(Note to readers: This is an edited version of the speech Emma Metz presented after being selected to represent Indiana on the National Rural Electric Cooperative Association’s Youth Leadership Council during last June’s Youth Tour.)
“Here we mark the price of freedom” are the words etched on the wall of the National World War II Memorial in Washington, D.C. Alongside these words are 4,000 golden stars, each star symbolizing 100 American deaths during the war fought on battlefields around the world.
I was proud to pose in front of the Indiana pillar for a photo which will remind me again and again of the sacrifices Hoosier soldiers made to make our world a better place.
Although we visited many impressive monuments and memorials when I was in D.C., the memorials from World War II and the Vietnam War impacted me more than anything else I saw.
At the Vietnam Memorial Wall, it was overwhelming to see the names of so many soldiers that were missing, had died or had been prisoners of war. You could reach out and touch the names, touch the wall, see the vague reflection of your hand in the dark stone.
I knew that many people sacrificed their lives for freedom and our country, but I only knew it in a distant way. It was only stories on a page before Youth Tour. After visiting these two memorials, it is no longer an abstract concept in my mind and will never be again. These memorials are a constant reminder of Americans who made changes for the better and fought hard for things they believed in.
Dedicated soldiers aren’t the only people who fought to make our future brighter. What about individuals like Harvey Hull, Morris Cooke and President Franklin Roosevelt who worked tirelessly to establish co-ops which would bring electricity to rural areas?
My grandma loves to share stories about her life before the “lights came on.” One of her favorite stories is how her family received electricity on their farm. As Grandma tells it, workers from their local electric co-op came to the house to make a deal. If her dad would allow the co-op linemen to put poles on their land, the co-op would hook up the farm with electricity for free!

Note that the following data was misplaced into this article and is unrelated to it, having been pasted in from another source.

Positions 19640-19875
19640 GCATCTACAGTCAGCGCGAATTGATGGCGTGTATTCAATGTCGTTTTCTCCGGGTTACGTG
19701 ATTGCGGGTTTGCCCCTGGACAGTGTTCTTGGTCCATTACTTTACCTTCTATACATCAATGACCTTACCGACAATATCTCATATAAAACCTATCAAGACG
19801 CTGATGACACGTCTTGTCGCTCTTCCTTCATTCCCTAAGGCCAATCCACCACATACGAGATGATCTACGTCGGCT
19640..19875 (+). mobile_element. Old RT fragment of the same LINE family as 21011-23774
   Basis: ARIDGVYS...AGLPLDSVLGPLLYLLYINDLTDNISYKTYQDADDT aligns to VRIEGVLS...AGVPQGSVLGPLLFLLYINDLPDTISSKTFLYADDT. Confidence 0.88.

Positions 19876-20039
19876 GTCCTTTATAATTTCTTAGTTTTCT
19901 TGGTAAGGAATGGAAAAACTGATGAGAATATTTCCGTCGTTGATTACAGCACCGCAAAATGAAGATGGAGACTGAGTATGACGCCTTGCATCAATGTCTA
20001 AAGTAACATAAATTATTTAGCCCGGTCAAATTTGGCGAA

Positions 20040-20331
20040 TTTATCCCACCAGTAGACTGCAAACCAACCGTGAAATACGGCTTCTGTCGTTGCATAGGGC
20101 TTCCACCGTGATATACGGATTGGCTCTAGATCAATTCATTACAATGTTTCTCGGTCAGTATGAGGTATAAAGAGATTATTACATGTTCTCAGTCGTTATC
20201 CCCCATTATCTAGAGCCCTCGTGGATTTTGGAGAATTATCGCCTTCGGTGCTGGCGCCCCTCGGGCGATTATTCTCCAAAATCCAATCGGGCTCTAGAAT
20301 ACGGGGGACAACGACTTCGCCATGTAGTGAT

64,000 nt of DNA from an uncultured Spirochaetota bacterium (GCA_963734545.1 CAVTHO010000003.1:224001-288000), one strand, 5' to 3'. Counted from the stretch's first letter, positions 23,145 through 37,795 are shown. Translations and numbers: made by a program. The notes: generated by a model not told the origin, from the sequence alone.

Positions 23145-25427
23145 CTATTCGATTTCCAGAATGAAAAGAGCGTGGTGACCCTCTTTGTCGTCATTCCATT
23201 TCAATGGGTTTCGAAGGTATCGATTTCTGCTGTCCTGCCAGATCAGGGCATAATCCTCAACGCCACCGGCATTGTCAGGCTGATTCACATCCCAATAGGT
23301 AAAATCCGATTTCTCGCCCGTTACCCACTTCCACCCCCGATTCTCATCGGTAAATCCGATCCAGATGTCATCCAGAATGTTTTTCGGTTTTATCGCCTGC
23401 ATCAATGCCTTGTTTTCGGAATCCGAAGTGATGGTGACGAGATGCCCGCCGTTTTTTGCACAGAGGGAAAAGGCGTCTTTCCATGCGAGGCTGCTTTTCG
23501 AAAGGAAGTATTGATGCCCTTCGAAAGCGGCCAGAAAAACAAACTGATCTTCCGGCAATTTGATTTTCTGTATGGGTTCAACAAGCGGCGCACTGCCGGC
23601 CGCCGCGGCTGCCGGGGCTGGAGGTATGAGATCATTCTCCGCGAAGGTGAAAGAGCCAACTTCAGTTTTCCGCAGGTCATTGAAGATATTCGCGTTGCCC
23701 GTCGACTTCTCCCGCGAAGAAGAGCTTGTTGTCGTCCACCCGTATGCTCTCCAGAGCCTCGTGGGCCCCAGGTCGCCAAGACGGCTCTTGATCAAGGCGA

Electricity offered new and exciting things for her family: lamps eased eye strain from sewing and reading; refrigerators kept food and drinks cold; and later, electricity brought the world into their living rooms through a strange and wonderful thing called television.
It took many people with vision and energy working together to make the dreams of affordable electricity for rural areas a reality. Our electric co-ops have brought us a long way from a house with a single light bulb dangling from the ceiling, and they are still moving us forward.
Almost 75 years after the local cooperative made an investment in my grandmother’s family farm, Bartholomew County REMC, Indiana Statewide Association of RECs and NRECA have invested in me and young leaders across the country through this great experience called Youth Tour.
I know there are occasional questions about my generation’s competence, but I am confident that when we’re called upon we will be ready — and willing — to lead. This was evident during our visit to Capitol Hill and meetings with our congressmen. Our Youth Tour participants were unafraid to question our politicians’ plans for an uncertain future and were looking for answers to our nation’s greatest challenges.
While on Youth Tour, we witnessed the price of freedom everywhere we looked around Washington. And I promise that our generation will labor to preserve it.
I am constantly impressed with the wealth of freedom that we Americans possess. We may take our freedom for granted, ignore it or abuse it, but that doesn’t change the fact it exists and that people have worked hard and given their lives to protect it.
We must be willing to continue taking initiative and working together to make our best even better. Our freedom shapes us and enables us to do extraordinary things.
As long as there are people in our country — in any country — that are hungry or sick, are without water or lights, or without education, we must find a way to help. We have extraordinary examples to follow in our soldiers who have fought many battles and cooperative pioneers who brought electricity to my grandma’s farm to give her a brighter future.
Freedom isn’t free, and liberty isn’t an excuse for us to do nothing. Important discoveries and advancements are still to be made. All of the people in need haven’t been helped. We still need leaders, workers and problem solvers. Youth Tour solidified our commitment to be part of these advancements.
Emma Metz is a home-educated student finishing her high school senior requirements and attending Indiana University-Purdue University in Columbus. She will continue her YLC experience at the national electric cooperative annual meeting in San Diego in March where she will assist NRECA staff and meeting goers. Her family’s home is served electrically by Bartholomew County REMC.
If you are currently a high school junior interested in the Youth Tour to Washington, D.C., this June — or know one who might be — contact your local electric cooperative. Application deadlines are approaching.